BY JULIA COUZENS
“Great art remains a pointing finger, a material object, tracing the outlines of a constellation, an illusion, in a night sky. Too often, like animals, we look only at the finger.” These words by the late Thomas Albright, noted San Francisco Chronicle art critic, help locate the transcendent art of Bruce Conner (1933-2008).
Spanning decades, Conner’s art embodied the San Francisco Beat ethos, the 1960s counterculture and the late 1970s West Coast punk scene. He was both a legend and a secret. Conner was widely acknowledged as a leading practitioner of assemblage and a seminal innovator in 20th-century experimental film.
Nevertheless, he did not receive the attention and institutional respect from East Coast curators and critics that was his due. The East Coast has traditionally determined an American artist’s relative status. “It’s All True,” the first comprehensive retrospective since the San Francisco Museum of Modern Art reopened in May, reveals Conner’s importance, and rights history’s wrong. The scope and range of his work and the existential themes it touches on genuinely approach greatness.
The viewer more than “sees.” The viewer walks into a searching, visionary world of masquerades, dark desire, mordant wit and spiritual transcendence. The exhibition is roughly divided into four bodies of work: assemblage, drawings, photograms and collage. Conner’s groundbreaking films are threaded throughout the exhibit. They amplify the stationary work and envelop the viewer in an irrational, mythical, moving embrace.
Conner first arrived in San Francisco in 1957. He immediately connected with Jay DeFeo, Wally Hedrick, Wallace Berman, Robert Duncan, Joan Brown and childhood friend Michael McClure, artists and writers shifting the Beat movement into high gear. Unlike their East Coast counterparts living in the glare of commercial spotlights, they had no expectation of making a living at their art.
Free of market expectations, their work was an amalgam of performance, scavenged materials and poetry. Conner scouted for riches in the rubble of the Western Addition, then San Francisco’s downtown ghetto and first major reconstruction project. “Spider Lady” (1959) combines an old, painted-wood window frame, window shade, window screen, garter belt, bicycle wheel, metal Band-Aid box, twine, cigarette butts, filmstrip, thumbtacks and a nylon stocking into an erotic evocation of time and death.
“Child” (1959) presents a corroding child’s corpse sprawled and decaying in a highchair, covered in a shroud of torn stocking. Made of wax, nylon, metal, twine and wood highchair, the work had been stored in pieces until its state-of the-art restoration in 2015. It hasn’t been seen in decades. Hugely controversial in its time, “Child” was made to protest the expansion of violence in our culture, and the execution in California of convicted rapist Caryl Chessman in particular. It is a mesmerizing horror. It points to our darkest heart, an abiding warning of our persistent will for unspeakable power.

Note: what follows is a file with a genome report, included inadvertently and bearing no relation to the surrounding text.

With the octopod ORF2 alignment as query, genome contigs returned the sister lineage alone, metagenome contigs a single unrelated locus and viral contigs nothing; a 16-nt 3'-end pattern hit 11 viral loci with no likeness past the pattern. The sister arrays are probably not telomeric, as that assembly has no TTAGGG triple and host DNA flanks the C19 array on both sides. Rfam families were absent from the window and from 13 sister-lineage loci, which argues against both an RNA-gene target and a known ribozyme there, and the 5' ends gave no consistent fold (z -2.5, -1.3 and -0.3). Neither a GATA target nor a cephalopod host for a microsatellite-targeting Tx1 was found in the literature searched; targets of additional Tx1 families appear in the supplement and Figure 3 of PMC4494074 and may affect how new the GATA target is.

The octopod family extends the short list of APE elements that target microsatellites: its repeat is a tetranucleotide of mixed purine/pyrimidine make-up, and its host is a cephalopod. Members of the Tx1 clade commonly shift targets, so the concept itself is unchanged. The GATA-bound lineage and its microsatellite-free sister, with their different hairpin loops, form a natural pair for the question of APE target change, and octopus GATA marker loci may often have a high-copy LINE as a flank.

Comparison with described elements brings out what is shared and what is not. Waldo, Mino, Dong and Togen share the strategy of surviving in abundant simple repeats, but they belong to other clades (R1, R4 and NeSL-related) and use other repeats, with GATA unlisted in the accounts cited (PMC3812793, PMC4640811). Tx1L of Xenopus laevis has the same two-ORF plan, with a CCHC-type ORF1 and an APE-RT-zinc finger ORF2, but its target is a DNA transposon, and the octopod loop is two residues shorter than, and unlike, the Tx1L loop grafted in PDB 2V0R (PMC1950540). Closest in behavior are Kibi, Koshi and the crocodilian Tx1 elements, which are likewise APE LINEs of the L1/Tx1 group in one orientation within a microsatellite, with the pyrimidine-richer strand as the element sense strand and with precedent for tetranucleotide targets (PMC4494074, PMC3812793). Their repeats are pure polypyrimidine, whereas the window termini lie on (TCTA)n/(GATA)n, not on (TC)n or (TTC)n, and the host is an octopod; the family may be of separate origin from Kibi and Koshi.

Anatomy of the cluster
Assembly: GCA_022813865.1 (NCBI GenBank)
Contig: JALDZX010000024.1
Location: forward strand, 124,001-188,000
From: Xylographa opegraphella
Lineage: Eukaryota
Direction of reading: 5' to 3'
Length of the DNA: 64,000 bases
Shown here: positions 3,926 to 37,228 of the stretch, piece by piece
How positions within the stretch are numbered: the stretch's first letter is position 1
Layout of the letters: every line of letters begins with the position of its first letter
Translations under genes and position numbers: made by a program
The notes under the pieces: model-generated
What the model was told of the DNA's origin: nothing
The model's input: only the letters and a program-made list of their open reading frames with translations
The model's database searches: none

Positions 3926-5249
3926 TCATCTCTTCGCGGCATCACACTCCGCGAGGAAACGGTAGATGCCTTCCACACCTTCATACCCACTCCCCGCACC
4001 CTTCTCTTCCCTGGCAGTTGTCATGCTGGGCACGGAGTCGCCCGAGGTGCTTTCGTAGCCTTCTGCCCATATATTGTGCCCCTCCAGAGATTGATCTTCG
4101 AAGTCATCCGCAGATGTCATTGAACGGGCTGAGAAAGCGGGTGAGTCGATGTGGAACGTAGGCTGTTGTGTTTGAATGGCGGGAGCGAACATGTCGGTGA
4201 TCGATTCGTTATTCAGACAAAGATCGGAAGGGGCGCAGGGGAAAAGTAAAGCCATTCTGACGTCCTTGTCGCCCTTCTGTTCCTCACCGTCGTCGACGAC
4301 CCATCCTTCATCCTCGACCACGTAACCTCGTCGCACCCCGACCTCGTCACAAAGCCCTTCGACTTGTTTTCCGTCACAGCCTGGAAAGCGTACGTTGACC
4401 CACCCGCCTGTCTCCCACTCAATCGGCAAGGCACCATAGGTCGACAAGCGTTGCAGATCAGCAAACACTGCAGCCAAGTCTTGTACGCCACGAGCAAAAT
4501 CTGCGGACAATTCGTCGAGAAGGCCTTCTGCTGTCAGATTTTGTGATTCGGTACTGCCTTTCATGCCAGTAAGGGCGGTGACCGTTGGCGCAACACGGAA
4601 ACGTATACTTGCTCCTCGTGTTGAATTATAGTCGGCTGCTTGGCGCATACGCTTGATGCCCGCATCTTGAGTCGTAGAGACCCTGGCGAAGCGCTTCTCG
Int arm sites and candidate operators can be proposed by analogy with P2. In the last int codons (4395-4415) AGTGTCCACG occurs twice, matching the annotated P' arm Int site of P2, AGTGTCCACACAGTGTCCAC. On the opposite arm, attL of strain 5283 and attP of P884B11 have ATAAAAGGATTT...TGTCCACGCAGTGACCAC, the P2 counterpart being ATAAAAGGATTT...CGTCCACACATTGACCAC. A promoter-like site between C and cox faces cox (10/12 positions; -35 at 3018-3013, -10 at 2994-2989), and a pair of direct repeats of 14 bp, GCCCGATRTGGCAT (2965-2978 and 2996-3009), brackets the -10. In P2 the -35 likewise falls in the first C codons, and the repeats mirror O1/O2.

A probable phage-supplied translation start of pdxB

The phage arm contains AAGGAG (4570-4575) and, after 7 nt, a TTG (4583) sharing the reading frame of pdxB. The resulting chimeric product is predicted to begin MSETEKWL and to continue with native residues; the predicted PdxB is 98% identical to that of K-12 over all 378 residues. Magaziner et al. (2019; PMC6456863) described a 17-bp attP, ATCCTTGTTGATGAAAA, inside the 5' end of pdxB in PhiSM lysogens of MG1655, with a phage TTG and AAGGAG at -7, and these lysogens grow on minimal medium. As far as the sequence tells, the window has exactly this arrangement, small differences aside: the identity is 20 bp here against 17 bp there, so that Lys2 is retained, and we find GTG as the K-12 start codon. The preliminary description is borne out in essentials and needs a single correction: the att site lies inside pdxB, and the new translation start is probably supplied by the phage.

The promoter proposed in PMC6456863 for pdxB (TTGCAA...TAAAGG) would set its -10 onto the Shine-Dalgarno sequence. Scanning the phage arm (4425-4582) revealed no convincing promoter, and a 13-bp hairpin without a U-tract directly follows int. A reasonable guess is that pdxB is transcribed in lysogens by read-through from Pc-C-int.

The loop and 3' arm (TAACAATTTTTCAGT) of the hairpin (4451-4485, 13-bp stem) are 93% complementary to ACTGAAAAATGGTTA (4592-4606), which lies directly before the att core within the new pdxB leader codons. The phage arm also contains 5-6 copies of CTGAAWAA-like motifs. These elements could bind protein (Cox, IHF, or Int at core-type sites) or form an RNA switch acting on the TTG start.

In the 1960s Conner turned away from assemblage to focus on film, drawing, light-show collaborations and photography. Despite the often shambling, crude and ad hoc construction of his assemblage, Conner was a meticulously focused artist. This is never more evident than in his astonishing, even mind-blowing ink drawings. While time spent doesn’t of itself equal quality in art, Conner’s impossibly tiny dashes and squiggles in felt-tip marker accrue a writhing energy and coalesce into visionary black mandalas. The drawings are both microscopic interrogations of the mystic and phenomenal spectacles pointing to the macrocosm.
But if Conner had made only films, he would still have a lasting place in art history. Beginning with “A Movie” in 1958, he made 24 films. He was the first to splice together fragments of found stock footage such as government education films with bits of his own footage. He was also among the first to use pop music as a current of sound that moved parallel to the film’s content. Conner’s montages were brilliantly composed edits of collision and flow. “Crossroads,” a 30-minute silent unfolding of atomic and hydrogen bomb tests, is an operatic outcry at the nuclear arms race, a spectacle made in protest against our global destruction.
Artists of Conner’s vision and power are rare. Words cannot do his work justice. You must see and experience this staggering exhibition for yourself.